“Profiles” turned its attention to bodybuilder and publisher Bernarr McFadden (featured in an earlier post in this blog). McFadden was always at the cutting-edge of scandal, whether for the nearly nude photos featured in his Physical Culture Magazine, or for the celebrity scandal and sensational crime reported in his Evening Graphic.

In his essay “Murder As Bad Art,” Waldo Frank pondered America’s high homicide rate, and suggested that murder is an expedient means toward an end for the impatient American. An excerpt, with artwork by Helen Hokinson:

Screenshot 2015-06-26 13.59.42

Screenshot 2015-06-26 13.59.13

Screenshot 2015-06-26 13.59.22

cather
Willa Cather (Nebraska History)

In “Books,” Harry Este Dounce offered a lengthy, thoughtful and positive review of Willa Cather’s latest novel, The Professor’s House (my favorite by Cather), and likened its tone to an Ibsen play. Cather would continue to receive praise from New Yorker critics throughout the remainder of her career.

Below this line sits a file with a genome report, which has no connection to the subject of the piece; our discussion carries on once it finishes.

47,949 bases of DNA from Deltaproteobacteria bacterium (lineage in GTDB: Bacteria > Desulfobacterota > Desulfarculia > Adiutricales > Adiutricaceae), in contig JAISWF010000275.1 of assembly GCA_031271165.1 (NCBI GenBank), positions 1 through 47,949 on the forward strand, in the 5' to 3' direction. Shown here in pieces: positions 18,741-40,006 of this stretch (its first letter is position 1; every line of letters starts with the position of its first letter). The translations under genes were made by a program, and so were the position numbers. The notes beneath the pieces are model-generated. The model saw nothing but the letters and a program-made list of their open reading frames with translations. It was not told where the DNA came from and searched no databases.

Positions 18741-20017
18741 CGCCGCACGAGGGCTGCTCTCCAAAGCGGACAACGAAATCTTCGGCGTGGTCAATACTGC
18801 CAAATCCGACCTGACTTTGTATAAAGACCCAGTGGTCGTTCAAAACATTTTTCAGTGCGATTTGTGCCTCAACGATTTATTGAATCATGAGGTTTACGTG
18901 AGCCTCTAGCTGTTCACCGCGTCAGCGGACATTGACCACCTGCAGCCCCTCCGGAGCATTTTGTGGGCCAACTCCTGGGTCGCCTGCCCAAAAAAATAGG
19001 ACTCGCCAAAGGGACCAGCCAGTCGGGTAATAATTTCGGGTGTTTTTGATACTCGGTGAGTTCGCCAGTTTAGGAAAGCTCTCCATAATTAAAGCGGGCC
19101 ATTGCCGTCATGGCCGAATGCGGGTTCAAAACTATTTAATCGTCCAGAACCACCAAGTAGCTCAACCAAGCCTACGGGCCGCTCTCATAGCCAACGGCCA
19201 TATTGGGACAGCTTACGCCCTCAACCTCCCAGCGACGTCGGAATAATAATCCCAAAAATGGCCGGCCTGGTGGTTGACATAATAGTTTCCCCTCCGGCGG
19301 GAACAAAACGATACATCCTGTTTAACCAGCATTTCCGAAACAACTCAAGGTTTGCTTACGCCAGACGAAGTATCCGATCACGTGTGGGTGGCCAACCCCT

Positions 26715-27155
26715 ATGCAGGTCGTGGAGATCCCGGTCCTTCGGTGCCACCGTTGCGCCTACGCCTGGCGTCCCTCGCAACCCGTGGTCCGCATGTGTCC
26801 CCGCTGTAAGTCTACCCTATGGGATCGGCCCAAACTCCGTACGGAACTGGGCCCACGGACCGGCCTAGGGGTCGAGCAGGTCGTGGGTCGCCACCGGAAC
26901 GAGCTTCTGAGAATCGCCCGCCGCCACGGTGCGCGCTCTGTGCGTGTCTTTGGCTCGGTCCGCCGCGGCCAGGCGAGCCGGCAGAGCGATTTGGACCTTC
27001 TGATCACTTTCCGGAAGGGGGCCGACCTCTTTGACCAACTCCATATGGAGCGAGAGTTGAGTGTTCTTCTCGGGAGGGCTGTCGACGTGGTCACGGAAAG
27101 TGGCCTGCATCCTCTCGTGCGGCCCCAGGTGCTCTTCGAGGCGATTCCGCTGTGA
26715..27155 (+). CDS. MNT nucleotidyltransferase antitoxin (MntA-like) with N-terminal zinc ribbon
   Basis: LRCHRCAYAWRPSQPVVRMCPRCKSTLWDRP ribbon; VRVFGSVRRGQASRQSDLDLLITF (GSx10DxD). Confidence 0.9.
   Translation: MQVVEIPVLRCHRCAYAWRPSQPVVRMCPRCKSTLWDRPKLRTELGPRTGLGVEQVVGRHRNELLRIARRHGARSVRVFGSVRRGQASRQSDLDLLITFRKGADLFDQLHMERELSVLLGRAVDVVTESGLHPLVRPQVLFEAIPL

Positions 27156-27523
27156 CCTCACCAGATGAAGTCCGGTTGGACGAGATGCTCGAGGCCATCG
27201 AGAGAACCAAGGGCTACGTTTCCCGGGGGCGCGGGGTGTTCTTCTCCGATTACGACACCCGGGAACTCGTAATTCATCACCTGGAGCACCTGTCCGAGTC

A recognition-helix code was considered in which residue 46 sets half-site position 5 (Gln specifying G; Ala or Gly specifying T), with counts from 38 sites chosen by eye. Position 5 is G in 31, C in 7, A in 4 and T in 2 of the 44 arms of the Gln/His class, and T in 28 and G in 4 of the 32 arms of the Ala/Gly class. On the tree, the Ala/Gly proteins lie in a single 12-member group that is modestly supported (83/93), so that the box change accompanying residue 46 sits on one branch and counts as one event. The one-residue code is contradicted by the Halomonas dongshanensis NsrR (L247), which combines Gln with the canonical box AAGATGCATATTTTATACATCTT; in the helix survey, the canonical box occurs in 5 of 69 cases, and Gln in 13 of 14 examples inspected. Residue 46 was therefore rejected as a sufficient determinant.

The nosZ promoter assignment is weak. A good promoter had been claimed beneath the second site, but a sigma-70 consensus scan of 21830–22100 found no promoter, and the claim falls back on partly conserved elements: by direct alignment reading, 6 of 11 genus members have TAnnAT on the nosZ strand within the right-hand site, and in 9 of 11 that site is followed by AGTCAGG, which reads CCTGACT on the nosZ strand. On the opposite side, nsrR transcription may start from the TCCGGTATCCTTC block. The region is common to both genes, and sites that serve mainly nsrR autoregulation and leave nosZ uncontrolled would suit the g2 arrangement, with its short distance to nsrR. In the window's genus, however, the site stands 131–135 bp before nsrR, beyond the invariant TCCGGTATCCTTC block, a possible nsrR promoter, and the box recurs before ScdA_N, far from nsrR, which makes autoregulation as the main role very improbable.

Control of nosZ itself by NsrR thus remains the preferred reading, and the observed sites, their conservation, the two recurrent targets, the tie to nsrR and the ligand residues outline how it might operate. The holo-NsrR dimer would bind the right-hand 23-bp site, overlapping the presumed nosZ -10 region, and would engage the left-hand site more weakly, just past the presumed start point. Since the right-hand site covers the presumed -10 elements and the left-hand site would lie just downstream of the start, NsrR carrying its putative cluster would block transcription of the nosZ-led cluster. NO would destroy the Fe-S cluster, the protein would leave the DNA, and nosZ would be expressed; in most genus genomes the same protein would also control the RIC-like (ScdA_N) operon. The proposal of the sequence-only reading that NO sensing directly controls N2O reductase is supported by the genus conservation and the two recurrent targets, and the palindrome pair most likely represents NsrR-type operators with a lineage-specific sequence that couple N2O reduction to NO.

In “Sports Of The Week” John Tunis offered extensive coverage of the Davis Cup matches, and noted that American star Bill Tilden was hurt and was “far from the Tilden of old.” There were rumors that Tilden was determined to throw his match with French tennis champion Jean Borotra. Tunis wrote that he had his suspicions, but offered that perhaps Tilden was playing carelessly as he had done before “with other less celebrated opponents.”

And Lois Long offered her frank opinions on two New York hotspots, the 45th Street Yacht Club and the Owl Club at 125 East 45th:

new-york-city-yacht-club-jeffrey-erb1
The Yacht Club building today (erbology.com)